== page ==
When I returned from my wonderful weekend retreat almost three weeks ago, the sense of peace surrounding my heart and penetrating my soul was almost palpable…
Kids did dopey things. I didn’t yell. Work deadlines went from bad to worse. I didn’t melt. The car bumper was bashed in by a hit-and-run meanie. I didn’t explode.
It was clear evidence, at least in my mind, of the power of deep and intense prayer practiced over days, rather than short bursts of desperate cries shouted heavenward while sitting at stoplights or wiping the counter.
In the initial days after my retreat, I kept up some semblance of deep prayer and deep peace. I cleared the decks and sat down in silent meditation in my sacred space. I did yoga followed by more prayer. I got up early and prayed the Liturgy of the Hours in the twinkling glow of the Christmas tree set against a backdrop of winter darkness. I was on a holy roll.
But then bit by bit, day by day, the peace started to fragment…
I could almost see it happening.
Sharp shards of silence breaking off and flying away from me in every direction.
I knew enough to realize it was an unhappy development but felt powerless to stop it. The tension of the season, coupled with the crush of work, compounded by the frenzy of family life made me — as it often does — feel as if I should just wave my spiritual white flag and give up my quest for inner peace. Add my voice to the din.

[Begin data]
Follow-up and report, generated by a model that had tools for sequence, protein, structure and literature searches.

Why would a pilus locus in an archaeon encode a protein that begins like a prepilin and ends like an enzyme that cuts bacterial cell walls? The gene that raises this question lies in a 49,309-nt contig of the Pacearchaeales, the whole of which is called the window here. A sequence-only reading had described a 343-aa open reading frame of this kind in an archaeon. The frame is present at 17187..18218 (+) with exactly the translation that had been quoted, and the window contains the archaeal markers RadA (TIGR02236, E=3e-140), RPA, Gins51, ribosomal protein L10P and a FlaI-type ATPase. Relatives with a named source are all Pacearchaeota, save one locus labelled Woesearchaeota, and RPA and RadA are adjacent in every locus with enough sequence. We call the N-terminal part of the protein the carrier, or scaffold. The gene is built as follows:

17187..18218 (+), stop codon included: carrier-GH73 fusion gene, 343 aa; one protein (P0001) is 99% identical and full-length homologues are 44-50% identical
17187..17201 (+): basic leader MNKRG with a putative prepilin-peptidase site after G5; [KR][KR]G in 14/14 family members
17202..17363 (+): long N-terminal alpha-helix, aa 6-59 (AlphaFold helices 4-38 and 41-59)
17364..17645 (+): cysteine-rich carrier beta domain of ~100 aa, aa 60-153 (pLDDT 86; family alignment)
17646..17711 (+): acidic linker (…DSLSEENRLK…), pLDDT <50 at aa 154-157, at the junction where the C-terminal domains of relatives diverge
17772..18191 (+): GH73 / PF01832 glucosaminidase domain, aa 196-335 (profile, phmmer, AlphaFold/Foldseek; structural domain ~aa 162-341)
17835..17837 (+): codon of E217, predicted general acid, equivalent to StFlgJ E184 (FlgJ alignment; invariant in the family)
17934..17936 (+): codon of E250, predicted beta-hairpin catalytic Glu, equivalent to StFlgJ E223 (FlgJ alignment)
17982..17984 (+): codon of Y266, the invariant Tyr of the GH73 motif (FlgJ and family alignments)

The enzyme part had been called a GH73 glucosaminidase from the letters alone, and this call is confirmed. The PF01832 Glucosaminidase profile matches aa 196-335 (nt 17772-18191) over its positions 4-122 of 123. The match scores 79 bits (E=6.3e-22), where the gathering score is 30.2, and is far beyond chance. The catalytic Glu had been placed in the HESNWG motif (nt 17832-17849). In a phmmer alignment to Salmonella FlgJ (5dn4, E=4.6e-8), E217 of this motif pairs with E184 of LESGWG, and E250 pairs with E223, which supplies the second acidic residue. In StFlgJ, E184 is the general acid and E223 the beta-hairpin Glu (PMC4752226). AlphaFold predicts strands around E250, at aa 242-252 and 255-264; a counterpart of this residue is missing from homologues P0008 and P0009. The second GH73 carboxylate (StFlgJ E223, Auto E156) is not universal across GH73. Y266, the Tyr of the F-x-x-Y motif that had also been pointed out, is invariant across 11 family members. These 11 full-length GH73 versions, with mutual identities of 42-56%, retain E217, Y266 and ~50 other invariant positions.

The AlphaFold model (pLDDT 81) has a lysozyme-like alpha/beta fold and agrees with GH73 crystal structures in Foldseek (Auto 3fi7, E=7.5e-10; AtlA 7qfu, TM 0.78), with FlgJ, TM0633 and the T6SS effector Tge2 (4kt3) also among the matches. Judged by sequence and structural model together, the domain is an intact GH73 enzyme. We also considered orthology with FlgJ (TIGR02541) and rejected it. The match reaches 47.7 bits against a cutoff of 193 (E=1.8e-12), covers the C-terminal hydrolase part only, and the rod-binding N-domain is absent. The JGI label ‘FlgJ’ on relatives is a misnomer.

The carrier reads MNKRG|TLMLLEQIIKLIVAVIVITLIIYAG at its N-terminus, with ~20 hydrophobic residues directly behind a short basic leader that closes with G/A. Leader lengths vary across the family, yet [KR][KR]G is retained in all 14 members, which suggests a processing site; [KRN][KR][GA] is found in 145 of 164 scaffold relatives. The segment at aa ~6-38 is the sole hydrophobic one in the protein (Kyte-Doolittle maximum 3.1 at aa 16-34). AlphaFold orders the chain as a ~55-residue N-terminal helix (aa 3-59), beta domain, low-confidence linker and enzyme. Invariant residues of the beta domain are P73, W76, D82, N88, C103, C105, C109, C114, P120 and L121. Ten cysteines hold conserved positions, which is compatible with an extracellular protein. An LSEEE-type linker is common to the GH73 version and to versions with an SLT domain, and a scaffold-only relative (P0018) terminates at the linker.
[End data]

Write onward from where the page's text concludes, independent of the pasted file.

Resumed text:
Then I remembered something our teacher said on retreat, something that really jumped out at me as I sat cross-legged on the floor of the yoga studio at Kripalu. So often, when we think of Jesus in prayer, we think of him in the desert, in the garden, in silent solitude. But the truth is, Father Tom reminded us, that Jesus was more often than not surrounded by chaos — people clamoring to get near him, touch his robe, lower a friend through a roof, climb a tree.
Follow, follow, follow. Ask, ask, ask.
And yet we see the way his peace and prayerfulness emerge amid the chaos. The quiet compassion given to the woman caught in adultery, the feeding of the 5,000, the healing of a soldier’s servant, the forgiveness of a thief from the cross. Jesus did not become unloving, harsh and impatient because the conditions around him went from good to bad to abominable. He stayed true to his center, his Truth, bringing his peace into the noise and glare of an often unkind world.
Rather than letting it happen the other way around…
So as we wait just two more days to celebrate the birth of the Prince of Peace, as I look at the absolute insanity that is sure to ensue in the coming hours, I’m picking up the scattered fragments of peace and fashioning them into something usable, something new. I imagine my peace looks a bit like a kaleidoscope now.
Pieces of peace…artfully arranged into something that will cast a brilliant and warm light on everything its shooting and darting rays touch as I turn it gently in my hands.
Chaos into calm. Panic into peace. Fragments into fullness.